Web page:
What details go into your credit report?
The purpose of a credit report is to provide information to money-lending institutions about potential borrowers. The report helps the institution decide if the person who has made an application to borrow money in the form of a loan, mortgage or credit card would constitute a financial risk. Based on the findings, the lending institution can decide whether to approve the application or reject it.
There are various types of information that end up in a credit report. As well as credit information, some personal details are included that are used to identify an individual. Essentially, a credit report can be categorised into four or five different groups.
A person’s full name, address and date of birth will be included in the report. It will also show whether you are on the electoral roll at your current address. Information about your social security number and current and past employers will be included in the report. The purpose of this information is to identify you rather than to assess your credit scoring.
It’s worth noting that the report does not include information such as your gender, religion, ethnicity, medical history, political affiliation or any criminal record.
Credit information provided in the report relates to the different accounts you have, including when they were opened, the credit amount, what the balance is and other aspects relating to payment history. Critically, the report will indicate if you have made payments on time or not. Accounts that are closed or inactive tend to be removed from the report after 10 years, although they may still remain there indefinitely in some cases. Accounts not paid as agreed are removed after seven years.
The report does not, however, detail individual purchases that you may have made, how much money you have in current or savings accounts, your income, whether you have any student loans or any current or past parking or driving fines.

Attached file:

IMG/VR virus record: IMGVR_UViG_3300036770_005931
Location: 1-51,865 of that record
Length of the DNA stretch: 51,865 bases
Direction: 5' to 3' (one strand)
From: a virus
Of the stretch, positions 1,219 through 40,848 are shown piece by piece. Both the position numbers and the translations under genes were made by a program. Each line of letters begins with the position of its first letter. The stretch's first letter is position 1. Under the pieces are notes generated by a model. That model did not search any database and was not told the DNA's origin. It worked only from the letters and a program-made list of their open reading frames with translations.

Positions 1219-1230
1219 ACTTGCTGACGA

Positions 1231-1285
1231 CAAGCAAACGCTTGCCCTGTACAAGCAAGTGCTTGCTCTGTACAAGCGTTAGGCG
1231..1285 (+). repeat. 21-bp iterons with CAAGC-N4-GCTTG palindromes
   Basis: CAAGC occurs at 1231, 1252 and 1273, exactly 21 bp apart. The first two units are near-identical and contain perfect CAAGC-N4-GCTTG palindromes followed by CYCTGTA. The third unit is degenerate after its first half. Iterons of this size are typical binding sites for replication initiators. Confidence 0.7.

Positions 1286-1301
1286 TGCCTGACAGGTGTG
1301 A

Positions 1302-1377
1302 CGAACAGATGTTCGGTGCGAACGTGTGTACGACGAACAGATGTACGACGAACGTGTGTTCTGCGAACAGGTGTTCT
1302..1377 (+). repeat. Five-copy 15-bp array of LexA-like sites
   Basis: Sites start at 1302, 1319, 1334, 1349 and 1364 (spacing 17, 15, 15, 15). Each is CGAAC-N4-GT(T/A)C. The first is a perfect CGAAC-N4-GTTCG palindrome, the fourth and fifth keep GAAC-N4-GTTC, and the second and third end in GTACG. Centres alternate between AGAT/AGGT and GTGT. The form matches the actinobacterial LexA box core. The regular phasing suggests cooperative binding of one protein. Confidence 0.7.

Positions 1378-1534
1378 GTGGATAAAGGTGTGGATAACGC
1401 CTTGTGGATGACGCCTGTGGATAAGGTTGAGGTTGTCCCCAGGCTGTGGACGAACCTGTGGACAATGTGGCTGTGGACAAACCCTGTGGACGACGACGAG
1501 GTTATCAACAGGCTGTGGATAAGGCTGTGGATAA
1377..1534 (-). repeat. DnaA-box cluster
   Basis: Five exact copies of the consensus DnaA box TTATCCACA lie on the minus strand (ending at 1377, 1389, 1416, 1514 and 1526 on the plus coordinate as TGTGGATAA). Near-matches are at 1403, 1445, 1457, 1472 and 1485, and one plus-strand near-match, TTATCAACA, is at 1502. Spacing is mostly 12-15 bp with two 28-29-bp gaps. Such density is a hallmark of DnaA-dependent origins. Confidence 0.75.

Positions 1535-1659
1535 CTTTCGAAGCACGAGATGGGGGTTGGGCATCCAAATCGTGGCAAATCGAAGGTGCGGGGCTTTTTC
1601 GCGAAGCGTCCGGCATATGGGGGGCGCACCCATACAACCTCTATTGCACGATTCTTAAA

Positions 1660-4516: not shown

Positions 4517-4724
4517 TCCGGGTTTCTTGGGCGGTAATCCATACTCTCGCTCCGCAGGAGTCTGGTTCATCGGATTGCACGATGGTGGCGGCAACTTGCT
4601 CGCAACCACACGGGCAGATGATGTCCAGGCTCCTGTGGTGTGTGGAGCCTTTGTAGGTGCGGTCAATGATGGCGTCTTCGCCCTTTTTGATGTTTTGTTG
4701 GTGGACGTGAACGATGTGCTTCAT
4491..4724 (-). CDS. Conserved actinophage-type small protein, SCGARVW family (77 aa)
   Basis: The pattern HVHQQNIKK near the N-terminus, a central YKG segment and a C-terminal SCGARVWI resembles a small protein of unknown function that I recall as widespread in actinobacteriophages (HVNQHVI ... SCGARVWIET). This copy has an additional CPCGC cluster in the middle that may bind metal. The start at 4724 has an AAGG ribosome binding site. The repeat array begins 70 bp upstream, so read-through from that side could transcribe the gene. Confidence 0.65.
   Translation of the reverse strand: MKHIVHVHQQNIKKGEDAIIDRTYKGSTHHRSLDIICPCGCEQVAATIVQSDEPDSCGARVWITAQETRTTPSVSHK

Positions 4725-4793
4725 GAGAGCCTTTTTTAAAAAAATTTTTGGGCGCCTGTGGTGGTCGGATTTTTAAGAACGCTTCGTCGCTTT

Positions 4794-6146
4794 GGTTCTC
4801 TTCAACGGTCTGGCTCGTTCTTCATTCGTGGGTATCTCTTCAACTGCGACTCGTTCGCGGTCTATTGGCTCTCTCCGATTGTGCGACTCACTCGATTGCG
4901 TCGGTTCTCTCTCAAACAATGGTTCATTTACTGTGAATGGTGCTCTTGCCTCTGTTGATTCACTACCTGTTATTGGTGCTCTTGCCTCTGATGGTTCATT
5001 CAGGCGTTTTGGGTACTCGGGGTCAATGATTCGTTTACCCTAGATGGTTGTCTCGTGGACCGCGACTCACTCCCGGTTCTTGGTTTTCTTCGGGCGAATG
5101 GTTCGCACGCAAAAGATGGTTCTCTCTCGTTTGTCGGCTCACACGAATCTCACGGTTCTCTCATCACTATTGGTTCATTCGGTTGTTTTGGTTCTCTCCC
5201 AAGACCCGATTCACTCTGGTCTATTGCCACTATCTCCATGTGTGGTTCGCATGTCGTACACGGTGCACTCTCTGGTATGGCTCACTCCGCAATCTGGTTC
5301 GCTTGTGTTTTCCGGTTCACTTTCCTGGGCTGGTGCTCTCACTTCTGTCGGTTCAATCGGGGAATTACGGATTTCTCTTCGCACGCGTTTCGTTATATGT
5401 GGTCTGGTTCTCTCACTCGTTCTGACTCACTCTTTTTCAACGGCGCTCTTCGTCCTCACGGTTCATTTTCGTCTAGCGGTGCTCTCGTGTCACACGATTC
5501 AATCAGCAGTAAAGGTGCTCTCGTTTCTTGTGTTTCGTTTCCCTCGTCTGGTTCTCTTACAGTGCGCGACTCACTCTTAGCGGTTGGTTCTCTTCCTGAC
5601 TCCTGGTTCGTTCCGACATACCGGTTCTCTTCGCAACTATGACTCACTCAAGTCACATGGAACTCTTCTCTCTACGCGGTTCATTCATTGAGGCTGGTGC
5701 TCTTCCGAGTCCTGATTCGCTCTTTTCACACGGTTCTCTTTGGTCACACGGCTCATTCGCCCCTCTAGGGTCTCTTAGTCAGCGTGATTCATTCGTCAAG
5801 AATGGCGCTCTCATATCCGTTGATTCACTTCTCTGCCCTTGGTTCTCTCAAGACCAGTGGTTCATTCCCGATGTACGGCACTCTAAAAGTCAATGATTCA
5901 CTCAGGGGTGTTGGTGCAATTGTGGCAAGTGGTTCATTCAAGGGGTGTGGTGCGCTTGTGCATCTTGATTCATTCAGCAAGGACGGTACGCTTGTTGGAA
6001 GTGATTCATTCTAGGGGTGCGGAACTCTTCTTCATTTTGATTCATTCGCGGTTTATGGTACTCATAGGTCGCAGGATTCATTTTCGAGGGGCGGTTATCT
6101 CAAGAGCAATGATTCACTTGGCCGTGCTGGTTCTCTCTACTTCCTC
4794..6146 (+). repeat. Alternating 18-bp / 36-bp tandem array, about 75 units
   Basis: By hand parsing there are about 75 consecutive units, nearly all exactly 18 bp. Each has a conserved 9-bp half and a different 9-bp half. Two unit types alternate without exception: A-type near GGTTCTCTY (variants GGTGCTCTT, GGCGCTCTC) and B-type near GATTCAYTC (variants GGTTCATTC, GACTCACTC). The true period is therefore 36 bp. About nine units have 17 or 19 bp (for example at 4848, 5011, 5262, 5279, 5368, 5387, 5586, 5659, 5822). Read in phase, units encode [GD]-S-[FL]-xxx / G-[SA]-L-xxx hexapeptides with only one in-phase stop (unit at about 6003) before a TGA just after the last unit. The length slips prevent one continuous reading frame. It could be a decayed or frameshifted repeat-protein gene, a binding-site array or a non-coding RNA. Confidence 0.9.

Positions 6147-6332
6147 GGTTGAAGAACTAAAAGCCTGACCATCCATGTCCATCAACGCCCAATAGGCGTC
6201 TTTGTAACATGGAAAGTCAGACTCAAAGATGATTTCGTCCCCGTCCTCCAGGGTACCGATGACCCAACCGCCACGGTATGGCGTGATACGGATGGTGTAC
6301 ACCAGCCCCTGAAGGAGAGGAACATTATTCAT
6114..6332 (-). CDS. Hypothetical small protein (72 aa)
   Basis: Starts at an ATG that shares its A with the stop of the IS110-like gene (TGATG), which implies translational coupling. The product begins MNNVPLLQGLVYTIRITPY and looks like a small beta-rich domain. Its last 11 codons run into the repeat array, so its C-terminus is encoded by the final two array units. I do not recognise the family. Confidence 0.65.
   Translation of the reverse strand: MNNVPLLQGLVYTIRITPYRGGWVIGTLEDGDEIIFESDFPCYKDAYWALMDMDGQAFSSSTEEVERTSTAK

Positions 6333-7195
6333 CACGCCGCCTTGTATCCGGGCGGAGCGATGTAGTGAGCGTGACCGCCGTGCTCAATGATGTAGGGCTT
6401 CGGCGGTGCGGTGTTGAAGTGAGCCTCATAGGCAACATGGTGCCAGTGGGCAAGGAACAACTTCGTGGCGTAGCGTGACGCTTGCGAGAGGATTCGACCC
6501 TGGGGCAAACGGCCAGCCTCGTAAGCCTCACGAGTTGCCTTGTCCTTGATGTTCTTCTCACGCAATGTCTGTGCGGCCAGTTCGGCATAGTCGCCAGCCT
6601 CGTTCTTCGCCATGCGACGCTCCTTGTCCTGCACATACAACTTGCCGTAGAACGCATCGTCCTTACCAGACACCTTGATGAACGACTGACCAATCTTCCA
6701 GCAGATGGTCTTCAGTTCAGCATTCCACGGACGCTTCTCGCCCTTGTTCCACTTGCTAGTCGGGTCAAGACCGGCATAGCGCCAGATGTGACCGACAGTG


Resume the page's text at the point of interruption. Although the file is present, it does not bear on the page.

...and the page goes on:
Anyone can have access to their credit report for a small fee, so it is worth conducting a regular check to make sure all of the information is accurate. If you see any accounts on the report that are unfamiliar, it could indicate someone has fraudulently opened an account in your name. Act swiftly to get this rectified with the credit reference agency that compiles the report, as it could unwittingly affect your credit rating.
Each time someone views your credit file, whether it’s a bank, building society, credit card company, insurer, landlord or other service provider, it will be detailed on the report. This can affect your credit rating slightly, although credit inquiries are usually erased after two years. It is possible to set up an arrangement that does not allow anyone to look at your report without your permission. The report does not detail how often you have looked at it.
There are three types of public records that show up on a credit report. They stay on your file for up to 10 years and have an impact on your credit rating. Any bankruptcies you may have had will be revealed, as well as if you entered into an Individual Voluntary Arrangement (IVA). County Court Judgements (CCJs) against you will be detailed in the report, such as owing money for child support. Finally, tax liens, or unpaid taxes on a property, will be highlighted. The report will also say if your home has been repossessed. It does not show any council tax arrears that you owe, however.
Credit reports often have a section that lets you provide any supporting information or evidence about any aspects detailed that may have a negative impact on your credit rating.
How Does the Information Get into the Report?
The financial data in the report comes from any banks, building societies or credit card firms that you use or have used in the past. Personal data will come from local authorities, such as the electoral register, or is supplied by utility companies.